Nitric oxide potentiates cAMP-gated cation current in feeding neurons of Pleurobranchaea californica independent of cAMP and cGMP signaling pathways

Nathan G. Hatcher, Leland C. Sudlow, Leonid L. Moroz, Rhanor Gillette

Research output: Contribution to journalArticle


Critical roles for nitric oxide (NO) in regulating cell and tissue physiology are broadly appreciated, but aspects remain to be explored. In the mollusk Pleurobranchaea, NO synthase activity is high in CNS ganglia containing motor networks for feeding and locomotion, where a cAMP-gated cation current (INa,cAMP) is also prominent in many neurons. We examined effects of NO on INa,cAMP using voltage-clamp methods developed to analyze cAMP signaling in the live neuron, focusing on the identified metacerebral giant neuron of the feeding network. NO donors enhanced the INa,cAMP response to injected cAMP by an averaged 85%. In dose-response measures, NO increased the current stimulated by cAMP injection without altering either apparent cAMP binding affinity or cooperativity of current activation. NO did not detectably alter levels of native cAMP or synthesis or degradation rates as observable in both current saturation and decay rate of INa,cAMP responses to cAMP injection. NO actions were not exerted by cGMP signaling, as they were not mimicked by cGMP analogue nor blocked by inhibitors of guanylate cyclase and protein kinase G. NO potentiation of INa,cAMP was broadly distributed among many other neurons of the feeding motor network in the buccal ganglion. However, NO did not affect a second type of INa,cAMP found in locomotor neurons of the pedal ganglia. These results suggest that NO acts through a novel mechanism to regulate the gain of cAMP-dependent neuromodulatory pathways that activate INa,cAMP and may thereby affect the set points of feeding network excitability and reactivity to exogenous input.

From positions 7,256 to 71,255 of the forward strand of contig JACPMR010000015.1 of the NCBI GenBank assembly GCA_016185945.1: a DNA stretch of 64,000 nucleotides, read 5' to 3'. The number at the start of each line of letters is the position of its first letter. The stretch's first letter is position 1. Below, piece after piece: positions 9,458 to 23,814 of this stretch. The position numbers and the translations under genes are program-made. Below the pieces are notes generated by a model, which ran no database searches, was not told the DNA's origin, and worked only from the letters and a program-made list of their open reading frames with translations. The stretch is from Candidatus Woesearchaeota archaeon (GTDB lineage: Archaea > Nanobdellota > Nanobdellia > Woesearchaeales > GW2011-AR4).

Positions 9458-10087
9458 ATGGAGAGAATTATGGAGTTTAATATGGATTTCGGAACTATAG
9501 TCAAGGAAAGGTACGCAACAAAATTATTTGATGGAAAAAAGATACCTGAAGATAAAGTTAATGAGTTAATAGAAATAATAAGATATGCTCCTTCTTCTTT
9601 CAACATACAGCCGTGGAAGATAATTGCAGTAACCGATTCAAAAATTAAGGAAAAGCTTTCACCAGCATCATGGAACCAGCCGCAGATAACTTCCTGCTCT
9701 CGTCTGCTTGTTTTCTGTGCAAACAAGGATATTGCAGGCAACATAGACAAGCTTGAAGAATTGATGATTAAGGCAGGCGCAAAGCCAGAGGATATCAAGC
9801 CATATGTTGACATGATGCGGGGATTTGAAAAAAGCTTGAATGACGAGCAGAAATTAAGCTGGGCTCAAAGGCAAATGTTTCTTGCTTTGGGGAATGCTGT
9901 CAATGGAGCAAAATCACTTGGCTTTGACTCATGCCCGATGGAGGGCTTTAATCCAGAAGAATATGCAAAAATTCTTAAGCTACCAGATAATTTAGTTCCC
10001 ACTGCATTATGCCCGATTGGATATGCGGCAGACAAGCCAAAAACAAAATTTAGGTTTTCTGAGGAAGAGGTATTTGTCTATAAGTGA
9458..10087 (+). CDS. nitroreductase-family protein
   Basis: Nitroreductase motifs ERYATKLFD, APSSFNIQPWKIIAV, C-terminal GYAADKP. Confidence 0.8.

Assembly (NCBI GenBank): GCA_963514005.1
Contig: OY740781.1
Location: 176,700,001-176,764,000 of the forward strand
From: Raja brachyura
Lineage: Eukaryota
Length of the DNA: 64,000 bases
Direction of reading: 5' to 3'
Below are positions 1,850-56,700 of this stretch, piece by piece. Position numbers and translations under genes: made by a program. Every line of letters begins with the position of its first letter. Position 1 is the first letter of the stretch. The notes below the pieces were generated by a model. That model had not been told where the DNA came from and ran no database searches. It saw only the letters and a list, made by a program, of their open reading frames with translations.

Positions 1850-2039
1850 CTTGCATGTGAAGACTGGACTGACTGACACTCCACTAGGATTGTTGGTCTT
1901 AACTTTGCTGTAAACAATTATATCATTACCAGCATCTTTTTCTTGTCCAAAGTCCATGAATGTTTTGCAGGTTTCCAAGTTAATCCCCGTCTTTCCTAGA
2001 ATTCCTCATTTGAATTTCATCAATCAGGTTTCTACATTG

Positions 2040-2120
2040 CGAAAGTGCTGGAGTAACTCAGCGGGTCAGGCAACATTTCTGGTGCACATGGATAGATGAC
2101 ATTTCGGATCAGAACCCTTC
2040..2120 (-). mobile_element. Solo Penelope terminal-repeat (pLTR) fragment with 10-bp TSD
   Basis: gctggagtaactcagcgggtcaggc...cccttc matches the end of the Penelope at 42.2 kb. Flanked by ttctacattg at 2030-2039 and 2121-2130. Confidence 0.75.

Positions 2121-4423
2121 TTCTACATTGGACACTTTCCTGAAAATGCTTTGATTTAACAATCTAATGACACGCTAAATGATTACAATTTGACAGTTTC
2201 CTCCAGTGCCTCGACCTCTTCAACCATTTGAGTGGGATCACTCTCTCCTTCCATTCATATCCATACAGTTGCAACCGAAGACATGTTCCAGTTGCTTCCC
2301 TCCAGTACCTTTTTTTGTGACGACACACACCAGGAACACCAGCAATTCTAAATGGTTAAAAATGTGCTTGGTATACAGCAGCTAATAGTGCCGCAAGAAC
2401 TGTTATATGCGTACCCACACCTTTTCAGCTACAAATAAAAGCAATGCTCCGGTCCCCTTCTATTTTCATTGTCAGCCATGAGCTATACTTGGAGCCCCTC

Original languageEnglish (US)
Pages (from-to)3219-3227
Number of pages9
JournalJournal of neurophysiology
Issue number5
StatePublished - May 1 2006


ASJC Scopus subject areas

  • Neuroscience(all)
  • Physiology

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